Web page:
A sinkhole that started out the size of a small swimming pool and continued to grow in Florida swallowed a boat, destroyed two homes and prompted officials to evacuate residents from about a dozen homes Friday.
Dramatic video showed the home in Land O' Lakes, north of Tampa in Pasco County, collapsing into the hole Friday morning. It quickly engulfed one home and a boat and then consumed about 80 percent of another home, said Kevin Guthrie, Pasco County's assistant county administrator for public safety.
By Friday afternoon, the hole stretched up to 250 feet (76 meters) wide and 50 feet (15 meters) deep, and threatened to damage a third home, Guthrie said.
Pasco County Fire Chief Shawn Whited told reporters that no one was home when crews responded to a call about a ``depression'' under a boat in the backyard of a house in Lake Padgett Estates in Land O'Lakes. Within minutes, he said, ``the hole opened up'' and the boat fell in.
Firefighters were able to get two dogs out of the home and retrieve some belongings before the first home started collapsing into the quickly expanding hole.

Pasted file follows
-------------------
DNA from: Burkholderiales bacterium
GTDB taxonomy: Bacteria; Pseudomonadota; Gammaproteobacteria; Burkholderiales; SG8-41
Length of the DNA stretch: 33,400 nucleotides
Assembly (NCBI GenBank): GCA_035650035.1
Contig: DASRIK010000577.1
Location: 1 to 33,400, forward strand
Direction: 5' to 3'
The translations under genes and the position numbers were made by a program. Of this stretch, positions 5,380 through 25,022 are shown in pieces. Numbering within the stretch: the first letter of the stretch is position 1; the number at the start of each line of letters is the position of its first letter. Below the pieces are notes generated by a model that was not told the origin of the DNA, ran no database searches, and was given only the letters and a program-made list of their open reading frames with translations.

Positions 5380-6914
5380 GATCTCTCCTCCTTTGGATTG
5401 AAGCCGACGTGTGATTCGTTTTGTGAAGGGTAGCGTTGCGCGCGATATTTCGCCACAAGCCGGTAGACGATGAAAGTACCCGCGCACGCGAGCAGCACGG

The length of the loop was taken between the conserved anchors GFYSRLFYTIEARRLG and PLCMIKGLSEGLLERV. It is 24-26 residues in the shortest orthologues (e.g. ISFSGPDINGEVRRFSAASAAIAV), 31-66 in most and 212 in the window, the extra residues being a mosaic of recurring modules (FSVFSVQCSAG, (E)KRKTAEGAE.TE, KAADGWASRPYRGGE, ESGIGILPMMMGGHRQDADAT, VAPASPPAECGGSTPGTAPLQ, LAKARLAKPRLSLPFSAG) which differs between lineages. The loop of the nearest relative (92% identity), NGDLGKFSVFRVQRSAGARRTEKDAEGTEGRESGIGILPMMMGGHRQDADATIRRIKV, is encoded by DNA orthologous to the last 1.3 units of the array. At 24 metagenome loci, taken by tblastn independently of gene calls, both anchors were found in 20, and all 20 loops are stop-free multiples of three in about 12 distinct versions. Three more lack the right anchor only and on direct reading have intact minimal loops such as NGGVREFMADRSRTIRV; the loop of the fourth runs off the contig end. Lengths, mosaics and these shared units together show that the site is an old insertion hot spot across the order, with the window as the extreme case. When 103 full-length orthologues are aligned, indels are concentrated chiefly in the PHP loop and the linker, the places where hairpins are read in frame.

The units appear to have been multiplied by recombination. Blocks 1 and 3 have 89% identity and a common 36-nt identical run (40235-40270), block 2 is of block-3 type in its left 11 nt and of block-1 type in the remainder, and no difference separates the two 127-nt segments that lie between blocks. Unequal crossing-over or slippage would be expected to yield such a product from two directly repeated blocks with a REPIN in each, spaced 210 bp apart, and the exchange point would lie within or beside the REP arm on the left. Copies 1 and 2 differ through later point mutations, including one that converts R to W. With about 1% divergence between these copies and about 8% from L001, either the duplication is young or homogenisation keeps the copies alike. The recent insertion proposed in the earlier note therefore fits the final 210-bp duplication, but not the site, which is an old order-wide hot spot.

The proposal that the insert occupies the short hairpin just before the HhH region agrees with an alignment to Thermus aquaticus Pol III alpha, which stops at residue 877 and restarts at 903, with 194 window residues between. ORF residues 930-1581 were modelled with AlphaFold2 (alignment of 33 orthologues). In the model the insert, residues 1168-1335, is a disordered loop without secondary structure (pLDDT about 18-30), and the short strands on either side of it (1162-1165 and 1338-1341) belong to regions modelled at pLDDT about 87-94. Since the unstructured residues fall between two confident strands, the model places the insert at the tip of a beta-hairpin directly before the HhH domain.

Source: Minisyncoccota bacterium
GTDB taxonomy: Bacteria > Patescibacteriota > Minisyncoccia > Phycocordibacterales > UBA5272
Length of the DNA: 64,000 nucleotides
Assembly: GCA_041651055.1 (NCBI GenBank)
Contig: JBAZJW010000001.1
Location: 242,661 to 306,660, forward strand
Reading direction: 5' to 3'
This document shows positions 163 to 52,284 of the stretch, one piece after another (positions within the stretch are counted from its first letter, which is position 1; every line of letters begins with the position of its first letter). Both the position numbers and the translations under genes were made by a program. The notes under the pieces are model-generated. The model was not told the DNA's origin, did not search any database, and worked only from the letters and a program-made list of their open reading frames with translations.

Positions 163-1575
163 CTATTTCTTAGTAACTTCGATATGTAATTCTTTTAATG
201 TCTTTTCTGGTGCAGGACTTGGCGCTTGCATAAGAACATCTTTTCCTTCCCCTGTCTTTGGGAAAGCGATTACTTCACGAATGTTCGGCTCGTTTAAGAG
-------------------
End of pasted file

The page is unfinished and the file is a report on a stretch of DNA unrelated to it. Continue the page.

No injuries have been reported.
Sheriff Chris Nocco said that within roughly 30 feet of the sinkhole, the ground was soft underfoot and felt like it was moving.
“Walking down the street, you can see in people's eyes the anxiety level. They're fearful,” Nocco said.
Eleven homes were evacuated, including the two destroyed. County property records show there was a sinkhole at the property where the first house was swallowed up, and that it had been stabilized in 2014. The home was sold in 2015, according to records. Messages left for its owner were not immediately returned Friday.
Sinkholes are stabilized by boring holes into the ground and injecting concrete.
Records also show a sinkhole was stabilized at the partially destroyed home in 2007. Two sisters renting that home with four other family members said they had left the house early Friday and returned to see their neighbor's home falling into the sinkhole.
The Tampa Bay Times reported that Edilia and Theresa Villa and their relatives had time to retrieve important documents and six dogs from their house before officials declared it unsafe. Theresa Villa's 15-year-old daughter, Thalia Chapman, told the newspaper the family moved into the home after arriving from Cuba about a decade ago.
Officials say Duke Energy cut power to about 100 homes in the neighborhood. The American Red Cross is assisting residents who've been displaced.
Guthrie said he was concerned that if the sinkhole continued to grow, it would damage septic tanks that could pollute a nearby lake.